source: Zanchin Automotive Group
Like the Isetta and 600, the shape of the car tapers down at the rear with a slightly reverse staggered track, though not nearly as drastic as on the originals. The Isetta’s funky headlights that stick out of the side of the car are retained, except in this case they are actually headlamp-looking turn signals that double as the side mirrors (hence the odd dip in the beltline to actually see them). The real headlamps are sunken into hockey-stick shapes that echo the old car’s bumper. Two tone color combinations are offered with subtle details like the arched roof trim to pick up on the cues from the original car.
Also note the rear side marker light and logo mimic the 600, and the Roundel logos front and back cover up the pivot point for the single arm wipers. Like the New Beetle and Mini Cooper, even if you’ve never seen the inspiration of the iS in real life you’ll still see it as something funky and instantly recognizable as a European city car. It’s certainly a polarizing look; many will hate it but I believe there are plenty of buyers that will think it’s the cutest thing they’ve ever seen and need to own it right now.
From a practicality standpoint, it would be hard to argue. The front opening door that almost certainly won’t pass safety regulations in many nations, so we’ll have to go with somewhat conventional doors. However, all is not lost: the frunk lid of our EV will be accessible by a side opening door.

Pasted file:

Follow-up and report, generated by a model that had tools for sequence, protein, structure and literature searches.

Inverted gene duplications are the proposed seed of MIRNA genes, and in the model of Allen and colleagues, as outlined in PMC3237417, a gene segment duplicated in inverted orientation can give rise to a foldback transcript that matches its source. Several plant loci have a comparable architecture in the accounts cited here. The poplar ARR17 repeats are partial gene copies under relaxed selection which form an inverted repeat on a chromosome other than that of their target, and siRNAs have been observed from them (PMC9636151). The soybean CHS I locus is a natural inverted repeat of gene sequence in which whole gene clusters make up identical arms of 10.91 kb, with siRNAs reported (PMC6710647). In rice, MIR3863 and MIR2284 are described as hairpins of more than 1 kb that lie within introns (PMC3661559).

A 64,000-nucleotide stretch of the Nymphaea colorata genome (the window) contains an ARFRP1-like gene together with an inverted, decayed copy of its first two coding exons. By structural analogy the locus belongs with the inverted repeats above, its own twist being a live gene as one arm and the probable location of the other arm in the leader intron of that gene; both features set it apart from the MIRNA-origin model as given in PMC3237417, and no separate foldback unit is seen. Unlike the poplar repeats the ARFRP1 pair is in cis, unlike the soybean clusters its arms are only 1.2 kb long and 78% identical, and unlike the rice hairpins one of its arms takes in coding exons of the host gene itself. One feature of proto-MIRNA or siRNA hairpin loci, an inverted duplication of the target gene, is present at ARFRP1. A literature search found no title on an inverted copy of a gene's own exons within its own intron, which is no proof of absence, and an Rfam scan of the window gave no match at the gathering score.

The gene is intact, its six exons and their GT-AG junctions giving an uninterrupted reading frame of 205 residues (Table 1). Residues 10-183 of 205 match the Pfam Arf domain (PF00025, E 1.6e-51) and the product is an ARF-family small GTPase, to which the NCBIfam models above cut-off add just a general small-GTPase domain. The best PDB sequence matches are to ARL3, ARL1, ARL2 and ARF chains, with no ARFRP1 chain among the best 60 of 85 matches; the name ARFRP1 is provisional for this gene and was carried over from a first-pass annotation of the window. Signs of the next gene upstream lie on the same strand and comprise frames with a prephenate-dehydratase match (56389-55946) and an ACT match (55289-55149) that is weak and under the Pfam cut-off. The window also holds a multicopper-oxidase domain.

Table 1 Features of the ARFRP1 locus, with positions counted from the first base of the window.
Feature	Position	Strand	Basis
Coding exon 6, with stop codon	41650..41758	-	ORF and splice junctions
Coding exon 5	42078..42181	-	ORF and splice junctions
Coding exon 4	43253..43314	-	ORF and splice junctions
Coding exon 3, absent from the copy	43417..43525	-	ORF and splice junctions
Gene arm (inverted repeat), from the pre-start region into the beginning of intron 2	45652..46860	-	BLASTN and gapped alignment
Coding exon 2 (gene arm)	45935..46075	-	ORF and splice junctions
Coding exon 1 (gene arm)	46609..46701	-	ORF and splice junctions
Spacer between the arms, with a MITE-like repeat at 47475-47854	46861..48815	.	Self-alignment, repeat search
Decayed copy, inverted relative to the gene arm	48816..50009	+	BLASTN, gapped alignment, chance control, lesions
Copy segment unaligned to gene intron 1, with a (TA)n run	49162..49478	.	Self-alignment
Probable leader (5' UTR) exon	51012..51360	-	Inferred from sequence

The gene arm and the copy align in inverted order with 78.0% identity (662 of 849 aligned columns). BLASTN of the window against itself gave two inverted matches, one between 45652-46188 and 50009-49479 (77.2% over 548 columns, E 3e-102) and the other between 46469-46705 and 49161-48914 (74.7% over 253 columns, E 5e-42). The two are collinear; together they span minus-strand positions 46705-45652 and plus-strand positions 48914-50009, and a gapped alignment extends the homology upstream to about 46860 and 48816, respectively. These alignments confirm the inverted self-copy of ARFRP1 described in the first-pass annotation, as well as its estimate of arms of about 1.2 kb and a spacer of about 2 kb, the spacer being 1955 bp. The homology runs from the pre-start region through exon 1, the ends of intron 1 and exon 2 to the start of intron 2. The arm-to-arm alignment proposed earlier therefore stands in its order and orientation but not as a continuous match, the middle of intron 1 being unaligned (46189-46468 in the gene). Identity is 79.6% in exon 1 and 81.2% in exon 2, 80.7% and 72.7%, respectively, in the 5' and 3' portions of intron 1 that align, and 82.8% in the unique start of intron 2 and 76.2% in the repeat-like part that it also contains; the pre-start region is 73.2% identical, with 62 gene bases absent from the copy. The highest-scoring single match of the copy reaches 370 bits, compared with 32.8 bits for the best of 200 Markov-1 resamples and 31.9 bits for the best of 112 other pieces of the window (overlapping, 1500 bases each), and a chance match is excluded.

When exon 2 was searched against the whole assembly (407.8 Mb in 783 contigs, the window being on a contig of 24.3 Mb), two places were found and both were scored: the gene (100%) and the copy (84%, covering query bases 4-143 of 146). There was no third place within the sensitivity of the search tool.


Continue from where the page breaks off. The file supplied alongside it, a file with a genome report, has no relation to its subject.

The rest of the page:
I’m showing two center opening doors but I’d also like to consider two doors on the passenger’s side while the driver’s side gets one longer door to allow you to dump your briefcase or bags in the back seat.
The inside of the original car was painfully spartan but well crafted, while the i3 featured the top-drawer materials you’d expect from what is now a premium brand. The i3 interior is pretty striking visually but DAMN there’s a lot of shapes and forms going on around the driver’s side, as well as the stuck-on flat screens that I don’t like. There’s also a decidedly overstyled shifter growing out of the steering column.
I’ve tried to combine the two looks, keeping the materials of the i3 with a simpler shape including a single piece display panel. The zig-zag shape of the i3 is kept, and I’ve gone Ford retro here with buttons on the steering wheel like a 1958 Edsel for gear changing (or whatever we call it in an EV).
The seats are a rather odd “egg” shape, with a cantilevered center console featuring the i-Drive controller and cup holders between them, above an open ‘purse nook’ below (and a storage bin under the padded armrest behind).
In back, there’s a two-piece tailgate to access the cargo area. This tailgate design allows for the iS’s true party trick to give you maximum cargo space while preserving its small size; that party trick is the optional Kabuze. Quickly install the Kabuze panels to create a sort of “bay window” to cover the opening. Now you’ve got over twenty extra cubic feet or so of indoor cargo space, creating the mid-sized SUV that you might need occasionally without requiring you to buy a car that’s bigger than you want 95 percent of the time. We know of one BMW i3 owner that, if given the iS instead, would likely love the ability to carry, say, a whole set of Jeep XJ door panels, an XJ transmission, and a few used tires that only leak a little bit. The end panels open up like the existing two-piece tailgate, and the lower panel features built in repeater rear lights and CHMSL which, combined with the flip-down plate, keeps you street legal.